What a mess Saul Steinberg has left behind.
The once powerful insurance giant he built, Reliance Group Holdings, yesterday filed for Chapter 11 bankruptcy protection against a tangled backdrop that could lead to a grim ending.
Investor Carl Icahn is maneuvering to get control of the reorganization even before it's off the ground.
And bureaucrats in Pennsylvania and their hired consultants have gained control of the company's $12.59 billion in assets, installing new phone lines under their control and seizing mail and e-mail, according to SEC filings.
And creditors who are owed $12.87 billion are still far apart in finding ways to reorganize the company to recover at least part of their investments.
Steinberg, 61, convalescing from a stroke last year, has seen his family's $2 billion fortune in Reliance stock dwindle to just about $286,200 as of yesterday.
In the bankruptcy, all common stock will eventually evaporate, including his 20.6 million shares.
Reliance, already delisted from the New York Stock Exchange six months ago for not being valuable enough, was trading in other markets at just 13 cents a share yesterday, with 1.2 million shares changing hands.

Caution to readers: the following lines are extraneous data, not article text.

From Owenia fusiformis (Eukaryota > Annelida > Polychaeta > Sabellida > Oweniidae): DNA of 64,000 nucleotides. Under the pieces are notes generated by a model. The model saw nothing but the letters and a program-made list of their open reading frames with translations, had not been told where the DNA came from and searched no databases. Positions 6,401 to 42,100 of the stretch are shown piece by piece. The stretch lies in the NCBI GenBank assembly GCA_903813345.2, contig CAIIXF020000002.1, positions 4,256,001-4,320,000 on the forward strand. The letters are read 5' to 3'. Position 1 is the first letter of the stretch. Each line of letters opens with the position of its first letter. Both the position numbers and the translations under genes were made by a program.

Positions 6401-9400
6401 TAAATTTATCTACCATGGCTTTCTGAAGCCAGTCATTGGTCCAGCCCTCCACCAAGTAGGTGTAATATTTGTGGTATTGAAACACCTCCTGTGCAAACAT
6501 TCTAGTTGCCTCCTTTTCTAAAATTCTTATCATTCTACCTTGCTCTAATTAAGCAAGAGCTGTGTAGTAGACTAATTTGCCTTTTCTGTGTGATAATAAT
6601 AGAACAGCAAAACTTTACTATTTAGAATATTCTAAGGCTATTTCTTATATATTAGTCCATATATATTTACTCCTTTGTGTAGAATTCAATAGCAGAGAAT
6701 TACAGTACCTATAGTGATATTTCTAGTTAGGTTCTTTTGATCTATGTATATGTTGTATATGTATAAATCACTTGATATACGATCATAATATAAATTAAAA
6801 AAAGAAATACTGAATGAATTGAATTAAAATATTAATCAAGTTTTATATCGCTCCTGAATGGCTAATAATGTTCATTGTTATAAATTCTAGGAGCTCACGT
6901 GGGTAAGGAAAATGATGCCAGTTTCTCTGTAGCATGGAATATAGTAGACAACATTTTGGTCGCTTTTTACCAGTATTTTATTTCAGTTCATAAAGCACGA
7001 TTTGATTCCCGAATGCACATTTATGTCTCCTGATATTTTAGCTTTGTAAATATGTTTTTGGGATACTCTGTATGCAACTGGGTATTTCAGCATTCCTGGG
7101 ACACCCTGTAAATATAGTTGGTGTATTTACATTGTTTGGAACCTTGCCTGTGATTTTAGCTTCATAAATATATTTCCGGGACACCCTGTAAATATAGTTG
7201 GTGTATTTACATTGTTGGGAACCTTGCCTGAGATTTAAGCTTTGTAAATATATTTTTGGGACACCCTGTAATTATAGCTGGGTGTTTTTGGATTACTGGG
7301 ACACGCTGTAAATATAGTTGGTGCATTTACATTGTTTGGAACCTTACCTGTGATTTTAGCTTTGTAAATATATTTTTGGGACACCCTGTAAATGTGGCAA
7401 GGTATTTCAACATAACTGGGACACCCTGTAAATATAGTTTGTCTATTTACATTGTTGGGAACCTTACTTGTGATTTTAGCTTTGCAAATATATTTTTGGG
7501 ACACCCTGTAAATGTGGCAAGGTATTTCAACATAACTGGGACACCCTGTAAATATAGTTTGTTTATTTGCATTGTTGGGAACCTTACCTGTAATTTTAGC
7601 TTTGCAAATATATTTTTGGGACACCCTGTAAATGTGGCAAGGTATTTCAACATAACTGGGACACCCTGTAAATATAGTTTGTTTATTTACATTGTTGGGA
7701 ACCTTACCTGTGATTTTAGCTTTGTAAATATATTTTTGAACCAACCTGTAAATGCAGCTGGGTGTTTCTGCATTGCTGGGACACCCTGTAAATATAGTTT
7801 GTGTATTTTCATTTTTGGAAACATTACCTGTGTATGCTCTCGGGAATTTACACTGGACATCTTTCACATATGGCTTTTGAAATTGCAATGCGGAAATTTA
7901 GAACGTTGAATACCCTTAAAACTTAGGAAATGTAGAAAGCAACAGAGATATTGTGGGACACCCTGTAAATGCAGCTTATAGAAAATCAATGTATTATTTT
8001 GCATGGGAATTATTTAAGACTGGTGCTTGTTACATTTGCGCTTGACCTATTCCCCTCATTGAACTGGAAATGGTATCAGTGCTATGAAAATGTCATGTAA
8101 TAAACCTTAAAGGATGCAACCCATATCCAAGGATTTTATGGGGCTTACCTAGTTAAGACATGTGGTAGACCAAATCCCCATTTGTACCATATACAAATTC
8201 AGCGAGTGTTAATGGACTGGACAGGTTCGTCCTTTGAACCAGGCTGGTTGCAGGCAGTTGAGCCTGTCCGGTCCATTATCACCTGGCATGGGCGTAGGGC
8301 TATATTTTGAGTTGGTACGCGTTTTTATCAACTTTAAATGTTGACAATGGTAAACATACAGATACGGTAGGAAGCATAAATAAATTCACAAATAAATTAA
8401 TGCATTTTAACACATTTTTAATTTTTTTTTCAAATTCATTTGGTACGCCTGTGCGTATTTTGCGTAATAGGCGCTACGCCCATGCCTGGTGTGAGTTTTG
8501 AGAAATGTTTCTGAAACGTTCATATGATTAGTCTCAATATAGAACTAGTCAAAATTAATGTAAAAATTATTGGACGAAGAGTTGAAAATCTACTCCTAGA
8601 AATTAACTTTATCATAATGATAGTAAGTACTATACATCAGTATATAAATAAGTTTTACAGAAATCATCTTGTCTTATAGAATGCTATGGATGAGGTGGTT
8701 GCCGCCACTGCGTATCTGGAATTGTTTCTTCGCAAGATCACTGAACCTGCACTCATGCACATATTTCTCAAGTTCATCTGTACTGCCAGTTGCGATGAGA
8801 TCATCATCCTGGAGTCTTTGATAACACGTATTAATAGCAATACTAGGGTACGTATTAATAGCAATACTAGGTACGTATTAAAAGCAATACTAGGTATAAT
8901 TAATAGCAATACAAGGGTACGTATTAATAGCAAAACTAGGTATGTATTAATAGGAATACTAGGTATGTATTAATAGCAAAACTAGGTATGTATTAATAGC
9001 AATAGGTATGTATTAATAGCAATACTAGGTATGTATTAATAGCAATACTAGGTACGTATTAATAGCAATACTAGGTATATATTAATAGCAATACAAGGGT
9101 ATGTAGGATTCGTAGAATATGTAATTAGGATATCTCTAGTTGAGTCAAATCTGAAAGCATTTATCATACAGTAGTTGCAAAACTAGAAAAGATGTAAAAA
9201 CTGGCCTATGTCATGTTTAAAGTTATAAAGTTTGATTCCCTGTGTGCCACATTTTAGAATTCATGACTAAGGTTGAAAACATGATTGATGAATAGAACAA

Although the insurance group has hit bottom and sold off most of its subsidiaries, it still has value as a well-known name and is licensed in every state to do business, said industry sources.
It also has a $3.5 billion pool of cash that has been set aside to pay insurance claims, and a network of agents across the nation.
Insurance regulators in Pennsylvania two weeks ago got control of that cash, plus Reliance's other assets and - according to regulatory filings - aren't renewing any policies or writing any new business.
Reliance, formed in 1817, is domiciled in Pennsylvania, giving that state jurisdiction over its fate. A Pennsylvania judge ordered the Pennsylvania Insurance Department to seize the company for rehabilitation - or possible liquidation if that doesn't work.
Meanwhile, Icahn intends to revive Reliance with an infusion of cash and a new marketing team that could restore Reliance its former glory.
Icahn has been buying up bank debt on Reliance since last year for around 17 cents on the dollar. Icahn needs to get one-third of the debt in order to block any reorganization plan he doesn't like - provided the state of Pennsylvania doesn't pull the plug on what's left of Reliance.
Icahn needs $97 million in bonds to block the restructuring. Earlier this year, he owned $43.6 million in Reliance senior debt, had tendered for another $40 million, and had told investors that he wants to buy more senior debt on the open market.
Icahn had no comment on the bankruptcy filing.